Since launching the brand in 2007, Pivot has added a lot of different models to the line up. Ranging from 26 to 29, even to fat bikes, Pivot has had a bike for just about anything – with one exception. While Pivot has offered a number of bikes with 29″ wheels, a “long travel” 29er has remained absent from the collection, though not because they haven’t been working on it. For the past 5 years Pivot has been quietly working on developing the perfect platform to match the big wheels with bigger travel. With each step the bike has gotten closer to perfection, but to make that last leap Pivot needed something new. Something that would provide the stiffness and the clearance for both 29 and 27+ tires. Something… like a wider rear hub.
“Don’t call it a ‘new standard.'” That was one of the points that Chris Cocalis tried to drive home as he introduced Pivot’s latest bike, the Switchblade. As you can imagine, the use of a different (yet currently existing) hub spacing will most likely draw ire from those already wary of Boost 148, but before heading to the comment section, you have to hear them out.
To Pivot’s credit, before they had even introduced the Mach 429 Trail with Boost 148 spacing, we had already had conversations with Cocalis about the limitations of Boost. As Pivot’s engineer Kevin Tisue put it, “WTF? Only another 3mm of chainline clearance?” Pivot was quick to point out that the 3mm did help to make the Mach 6 and 429 Trail a better bike, but they almost instantly used up all 3mm of additional clearance. In order to make a better long travel 29er and make it compatible with 27+, they were going to need more.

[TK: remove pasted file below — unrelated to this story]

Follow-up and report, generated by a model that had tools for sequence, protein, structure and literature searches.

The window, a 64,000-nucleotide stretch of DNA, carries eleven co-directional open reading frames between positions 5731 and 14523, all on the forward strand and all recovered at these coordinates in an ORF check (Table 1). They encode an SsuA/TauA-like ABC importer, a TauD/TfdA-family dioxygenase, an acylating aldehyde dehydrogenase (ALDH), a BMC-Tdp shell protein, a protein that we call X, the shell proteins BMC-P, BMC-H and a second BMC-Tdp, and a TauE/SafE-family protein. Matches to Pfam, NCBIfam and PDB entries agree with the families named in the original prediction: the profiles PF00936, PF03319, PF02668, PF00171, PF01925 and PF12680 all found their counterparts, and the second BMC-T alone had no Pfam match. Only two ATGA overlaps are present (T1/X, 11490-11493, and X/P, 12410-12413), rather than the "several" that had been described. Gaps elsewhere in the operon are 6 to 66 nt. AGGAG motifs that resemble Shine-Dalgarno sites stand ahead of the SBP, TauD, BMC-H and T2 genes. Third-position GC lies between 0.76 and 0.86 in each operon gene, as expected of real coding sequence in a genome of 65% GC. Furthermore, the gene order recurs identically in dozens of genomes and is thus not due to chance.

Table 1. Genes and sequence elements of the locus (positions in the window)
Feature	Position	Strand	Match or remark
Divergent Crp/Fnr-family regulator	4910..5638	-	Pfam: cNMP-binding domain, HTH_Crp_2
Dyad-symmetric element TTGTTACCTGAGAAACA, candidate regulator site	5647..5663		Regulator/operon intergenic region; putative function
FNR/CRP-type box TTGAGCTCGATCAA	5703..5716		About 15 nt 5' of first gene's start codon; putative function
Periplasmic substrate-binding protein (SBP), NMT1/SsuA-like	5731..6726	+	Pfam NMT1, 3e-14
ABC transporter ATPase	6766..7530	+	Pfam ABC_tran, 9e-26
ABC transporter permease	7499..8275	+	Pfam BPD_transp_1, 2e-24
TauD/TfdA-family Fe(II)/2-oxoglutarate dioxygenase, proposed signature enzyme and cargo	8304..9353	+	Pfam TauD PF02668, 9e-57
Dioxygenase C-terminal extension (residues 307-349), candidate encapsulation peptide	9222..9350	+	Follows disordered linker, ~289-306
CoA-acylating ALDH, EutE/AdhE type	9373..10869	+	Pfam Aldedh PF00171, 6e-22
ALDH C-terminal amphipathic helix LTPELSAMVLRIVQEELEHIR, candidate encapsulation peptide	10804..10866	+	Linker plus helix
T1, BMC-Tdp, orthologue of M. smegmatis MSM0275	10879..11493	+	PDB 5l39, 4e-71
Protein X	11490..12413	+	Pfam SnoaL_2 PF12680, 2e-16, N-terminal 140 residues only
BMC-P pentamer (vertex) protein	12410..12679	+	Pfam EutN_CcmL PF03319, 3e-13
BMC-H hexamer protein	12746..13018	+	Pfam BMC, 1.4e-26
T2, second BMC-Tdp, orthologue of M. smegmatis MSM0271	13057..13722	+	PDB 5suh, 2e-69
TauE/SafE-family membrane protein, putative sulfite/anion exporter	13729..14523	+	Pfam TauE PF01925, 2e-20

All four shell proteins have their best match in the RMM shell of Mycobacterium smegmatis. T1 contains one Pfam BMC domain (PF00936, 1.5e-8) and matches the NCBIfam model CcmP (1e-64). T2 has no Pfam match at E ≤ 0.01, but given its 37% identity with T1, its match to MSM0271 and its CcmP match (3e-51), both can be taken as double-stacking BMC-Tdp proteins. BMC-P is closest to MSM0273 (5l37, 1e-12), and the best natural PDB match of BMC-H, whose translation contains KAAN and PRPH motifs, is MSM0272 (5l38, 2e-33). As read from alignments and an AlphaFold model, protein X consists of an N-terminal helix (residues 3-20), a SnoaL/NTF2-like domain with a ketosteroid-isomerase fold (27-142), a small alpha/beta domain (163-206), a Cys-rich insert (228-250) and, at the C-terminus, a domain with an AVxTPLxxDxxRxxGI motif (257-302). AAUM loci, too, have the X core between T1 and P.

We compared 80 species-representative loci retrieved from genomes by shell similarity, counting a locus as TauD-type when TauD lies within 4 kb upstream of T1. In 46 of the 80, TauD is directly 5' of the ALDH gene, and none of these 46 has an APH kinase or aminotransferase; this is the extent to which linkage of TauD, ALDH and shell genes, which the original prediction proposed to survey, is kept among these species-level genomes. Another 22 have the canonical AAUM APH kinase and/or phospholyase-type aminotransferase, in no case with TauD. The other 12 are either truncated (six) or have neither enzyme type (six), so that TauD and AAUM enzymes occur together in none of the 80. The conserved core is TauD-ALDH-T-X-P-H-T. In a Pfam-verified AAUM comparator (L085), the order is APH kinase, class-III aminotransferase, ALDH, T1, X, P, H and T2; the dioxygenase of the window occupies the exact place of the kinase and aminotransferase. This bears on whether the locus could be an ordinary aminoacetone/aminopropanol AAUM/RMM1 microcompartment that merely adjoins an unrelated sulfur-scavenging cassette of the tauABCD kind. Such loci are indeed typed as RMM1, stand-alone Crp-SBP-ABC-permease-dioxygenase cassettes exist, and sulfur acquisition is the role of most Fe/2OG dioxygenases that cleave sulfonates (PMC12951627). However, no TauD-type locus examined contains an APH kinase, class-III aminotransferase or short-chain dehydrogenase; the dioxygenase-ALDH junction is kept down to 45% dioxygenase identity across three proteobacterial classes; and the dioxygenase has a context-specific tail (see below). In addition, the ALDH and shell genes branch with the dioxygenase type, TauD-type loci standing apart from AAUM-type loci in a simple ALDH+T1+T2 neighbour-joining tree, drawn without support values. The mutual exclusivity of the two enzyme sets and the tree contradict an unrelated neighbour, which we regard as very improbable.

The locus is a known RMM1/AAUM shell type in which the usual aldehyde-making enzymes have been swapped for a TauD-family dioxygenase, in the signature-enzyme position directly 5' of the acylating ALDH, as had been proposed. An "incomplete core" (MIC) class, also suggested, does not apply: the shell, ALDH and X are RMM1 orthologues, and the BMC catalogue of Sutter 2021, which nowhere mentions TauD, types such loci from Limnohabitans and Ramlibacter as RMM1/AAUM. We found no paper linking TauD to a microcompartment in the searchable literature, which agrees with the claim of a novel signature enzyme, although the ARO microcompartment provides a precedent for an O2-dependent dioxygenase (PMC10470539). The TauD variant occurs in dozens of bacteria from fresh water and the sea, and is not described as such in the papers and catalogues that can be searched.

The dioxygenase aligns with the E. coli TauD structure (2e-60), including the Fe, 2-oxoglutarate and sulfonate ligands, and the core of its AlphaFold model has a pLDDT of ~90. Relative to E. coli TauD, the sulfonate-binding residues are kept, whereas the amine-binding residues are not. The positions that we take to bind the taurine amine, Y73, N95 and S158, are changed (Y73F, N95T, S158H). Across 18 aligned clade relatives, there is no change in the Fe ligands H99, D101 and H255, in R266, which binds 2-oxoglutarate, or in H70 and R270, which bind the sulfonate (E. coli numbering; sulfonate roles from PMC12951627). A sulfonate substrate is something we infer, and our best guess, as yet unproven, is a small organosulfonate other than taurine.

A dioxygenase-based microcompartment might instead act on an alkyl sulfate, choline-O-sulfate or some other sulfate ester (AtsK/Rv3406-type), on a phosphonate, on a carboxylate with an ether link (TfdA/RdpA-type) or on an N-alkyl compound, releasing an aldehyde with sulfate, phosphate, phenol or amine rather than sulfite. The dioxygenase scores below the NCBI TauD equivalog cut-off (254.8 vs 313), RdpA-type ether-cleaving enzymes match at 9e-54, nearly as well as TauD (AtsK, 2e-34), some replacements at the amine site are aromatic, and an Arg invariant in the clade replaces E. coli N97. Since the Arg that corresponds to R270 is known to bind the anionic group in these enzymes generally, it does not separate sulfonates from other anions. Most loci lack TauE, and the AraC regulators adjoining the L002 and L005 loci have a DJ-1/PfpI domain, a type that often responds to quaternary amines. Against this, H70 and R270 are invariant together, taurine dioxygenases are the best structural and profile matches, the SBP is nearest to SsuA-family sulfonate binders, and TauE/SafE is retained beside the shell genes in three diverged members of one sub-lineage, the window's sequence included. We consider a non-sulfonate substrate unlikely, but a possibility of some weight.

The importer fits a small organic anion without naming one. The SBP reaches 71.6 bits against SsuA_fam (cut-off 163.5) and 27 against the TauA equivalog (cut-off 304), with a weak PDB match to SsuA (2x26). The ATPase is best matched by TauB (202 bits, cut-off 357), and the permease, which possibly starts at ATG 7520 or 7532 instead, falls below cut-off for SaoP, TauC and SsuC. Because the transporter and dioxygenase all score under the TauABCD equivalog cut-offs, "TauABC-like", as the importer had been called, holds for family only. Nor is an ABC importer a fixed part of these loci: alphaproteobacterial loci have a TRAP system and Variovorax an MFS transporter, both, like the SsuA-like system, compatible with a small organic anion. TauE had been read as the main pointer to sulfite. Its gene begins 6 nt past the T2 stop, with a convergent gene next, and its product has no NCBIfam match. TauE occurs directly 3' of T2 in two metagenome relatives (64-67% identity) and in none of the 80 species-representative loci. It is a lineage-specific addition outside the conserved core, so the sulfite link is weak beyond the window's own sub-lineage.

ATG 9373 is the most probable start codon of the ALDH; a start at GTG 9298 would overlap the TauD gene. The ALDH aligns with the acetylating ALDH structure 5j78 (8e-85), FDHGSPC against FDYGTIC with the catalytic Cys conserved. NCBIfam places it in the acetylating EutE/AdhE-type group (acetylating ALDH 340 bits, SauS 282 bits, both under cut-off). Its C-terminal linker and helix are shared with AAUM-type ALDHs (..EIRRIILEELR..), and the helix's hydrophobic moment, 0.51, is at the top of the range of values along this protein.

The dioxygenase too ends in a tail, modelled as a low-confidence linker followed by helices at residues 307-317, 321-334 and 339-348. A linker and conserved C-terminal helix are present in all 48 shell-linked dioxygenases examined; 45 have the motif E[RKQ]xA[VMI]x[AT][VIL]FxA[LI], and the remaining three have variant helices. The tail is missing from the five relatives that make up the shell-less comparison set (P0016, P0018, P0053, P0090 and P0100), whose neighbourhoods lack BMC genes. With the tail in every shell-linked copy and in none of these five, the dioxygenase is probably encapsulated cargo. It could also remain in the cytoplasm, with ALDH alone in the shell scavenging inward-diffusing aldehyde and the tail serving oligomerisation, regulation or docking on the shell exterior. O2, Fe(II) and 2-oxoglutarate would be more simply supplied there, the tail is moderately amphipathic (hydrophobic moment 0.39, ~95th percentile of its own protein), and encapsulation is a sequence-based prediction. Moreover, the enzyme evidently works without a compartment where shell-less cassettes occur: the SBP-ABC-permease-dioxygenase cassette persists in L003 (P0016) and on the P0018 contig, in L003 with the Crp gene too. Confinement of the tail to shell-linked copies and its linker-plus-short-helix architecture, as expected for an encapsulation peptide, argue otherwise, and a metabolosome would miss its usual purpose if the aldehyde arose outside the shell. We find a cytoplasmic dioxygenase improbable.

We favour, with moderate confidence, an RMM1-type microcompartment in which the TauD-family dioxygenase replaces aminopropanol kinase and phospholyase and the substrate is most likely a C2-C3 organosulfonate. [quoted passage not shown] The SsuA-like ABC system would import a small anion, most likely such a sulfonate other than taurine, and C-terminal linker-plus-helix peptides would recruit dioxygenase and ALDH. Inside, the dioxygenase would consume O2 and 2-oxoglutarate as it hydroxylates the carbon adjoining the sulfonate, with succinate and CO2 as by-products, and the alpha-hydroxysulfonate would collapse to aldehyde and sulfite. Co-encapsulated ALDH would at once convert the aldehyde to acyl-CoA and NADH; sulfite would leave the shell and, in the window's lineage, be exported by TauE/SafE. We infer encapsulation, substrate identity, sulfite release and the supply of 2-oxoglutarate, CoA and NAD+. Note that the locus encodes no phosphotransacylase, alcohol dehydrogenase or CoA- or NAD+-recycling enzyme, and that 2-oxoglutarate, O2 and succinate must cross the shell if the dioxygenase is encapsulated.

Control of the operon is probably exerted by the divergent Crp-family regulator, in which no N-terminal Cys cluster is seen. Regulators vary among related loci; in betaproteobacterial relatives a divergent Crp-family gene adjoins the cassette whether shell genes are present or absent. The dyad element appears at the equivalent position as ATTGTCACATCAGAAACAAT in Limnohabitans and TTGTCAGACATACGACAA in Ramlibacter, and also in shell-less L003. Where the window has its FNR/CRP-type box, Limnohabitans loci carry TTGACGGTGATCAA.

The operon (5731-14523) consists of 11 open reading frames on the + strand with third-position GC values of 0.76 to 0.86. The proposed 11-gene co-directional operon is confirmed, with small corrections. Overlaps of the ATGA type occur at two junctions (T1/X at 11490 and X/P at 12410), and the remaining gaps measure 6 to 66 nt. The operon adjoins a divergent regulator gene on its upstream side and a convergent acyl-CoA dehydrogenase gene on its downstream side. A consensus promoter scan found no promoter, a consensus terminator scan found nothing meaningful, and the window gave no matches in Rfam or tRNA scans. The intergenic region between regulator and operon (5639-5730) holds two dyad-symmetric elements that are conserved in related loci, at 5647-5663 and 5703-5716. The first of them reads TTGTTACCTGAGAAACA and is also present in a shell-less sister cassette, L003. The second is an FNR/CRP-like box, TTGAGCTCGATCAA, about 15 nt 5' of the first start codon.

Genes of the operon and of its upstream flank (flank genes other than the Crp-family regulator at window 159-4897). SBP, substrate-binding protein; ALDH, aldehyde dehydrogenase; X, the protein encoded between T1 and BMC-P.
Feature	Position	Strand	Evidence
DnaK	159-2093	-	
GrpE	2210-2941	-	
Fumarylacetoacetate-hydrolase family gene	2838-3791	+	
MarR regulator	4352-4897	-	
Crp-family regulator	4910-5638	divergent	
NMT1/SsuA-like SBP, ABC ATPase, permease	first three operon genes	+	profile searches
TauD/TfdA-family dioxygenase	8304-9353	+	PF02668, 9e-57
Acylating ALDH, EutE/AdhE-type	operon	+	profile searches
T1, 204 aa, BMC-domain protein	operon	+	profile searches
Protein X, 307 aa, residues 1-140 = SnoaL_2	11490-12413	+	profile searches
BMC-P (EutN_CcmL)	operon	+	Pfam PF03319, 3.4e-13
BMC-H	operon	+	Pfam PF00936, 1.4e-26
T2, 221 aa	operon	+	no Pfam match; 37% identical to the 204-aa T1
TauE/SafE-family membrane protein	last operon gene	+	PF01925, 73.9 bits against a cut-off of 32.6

That’s where the cheekily named Super Boost + comes in. The name may sound like yet another standard, but in reality it is a combination of existing standards which have been optimized for maximum tire clearance, drivetrain compatibility, and frame stiffness. All of which make the new Switchblade an incredible machine…
For obvious reasons, Cocalis didn’t want Super Boost + to be the focal point of the bike, but I feel like it’s something that should be addressed right away, especially since it’s sure to be one of the more talked about features of the frame. True to Pivot’s words, this is not a new standard. By utilizing a 12 x 157 rear hub, the Switchblade is compatible with almost every DH hub that has been on the market since downhill bikes moved from the 150mm rear end. While those same hubs will fit in the new Switchblade, Pivot saw the opportunity to further refine the hub construction by widening the flanges (up to 14mm) to offer more even spoke tension (closer to 60/40) and a stiffer rear wheel. This thought was echoed by both DT Swiss and SRAM as each company had already planned to increase the flange spacing on their 157mm hubs before hearing about Super Boost +, which Cocalis mentioned that he felt validated the concept since both companies came to the same conclusion independently.
Pivot points out that the goal is not to replace Boost 148 spacing on XC/Trail bikes, but to provide a frame platform that is stiff enough for longer travel bikes with bigger wheels. In Cocalis’ opinion, 29″ wheels still haven’t been stiff enough for large riders which becomes more of an issue on longer travel platforms. To him, the addition of Super Boost + brings the stiffness of a 29″ wheel back to zero, or where we were with most 26″ wheels. It is possible however to be too stiff which is why wider hub sizes weren’t really needed on 26″ bikes.
That in and of itself is a big motivator for the new bike’s design. Ever since we got away from the trusty 26″, bigger wheels have suffered in the stiffness department. Add in the need for huge tire and mud clearance with Plus size, and Super Boost + starts to make a lot of sense. And about the name – it originally started somewhat as a joke internally, but it ended up sticking. Pivot’s own FAQ section for the bike even points out that Super Boost + will make you a better person. Clearly, they’re not taking things too seriously when it comes to the name.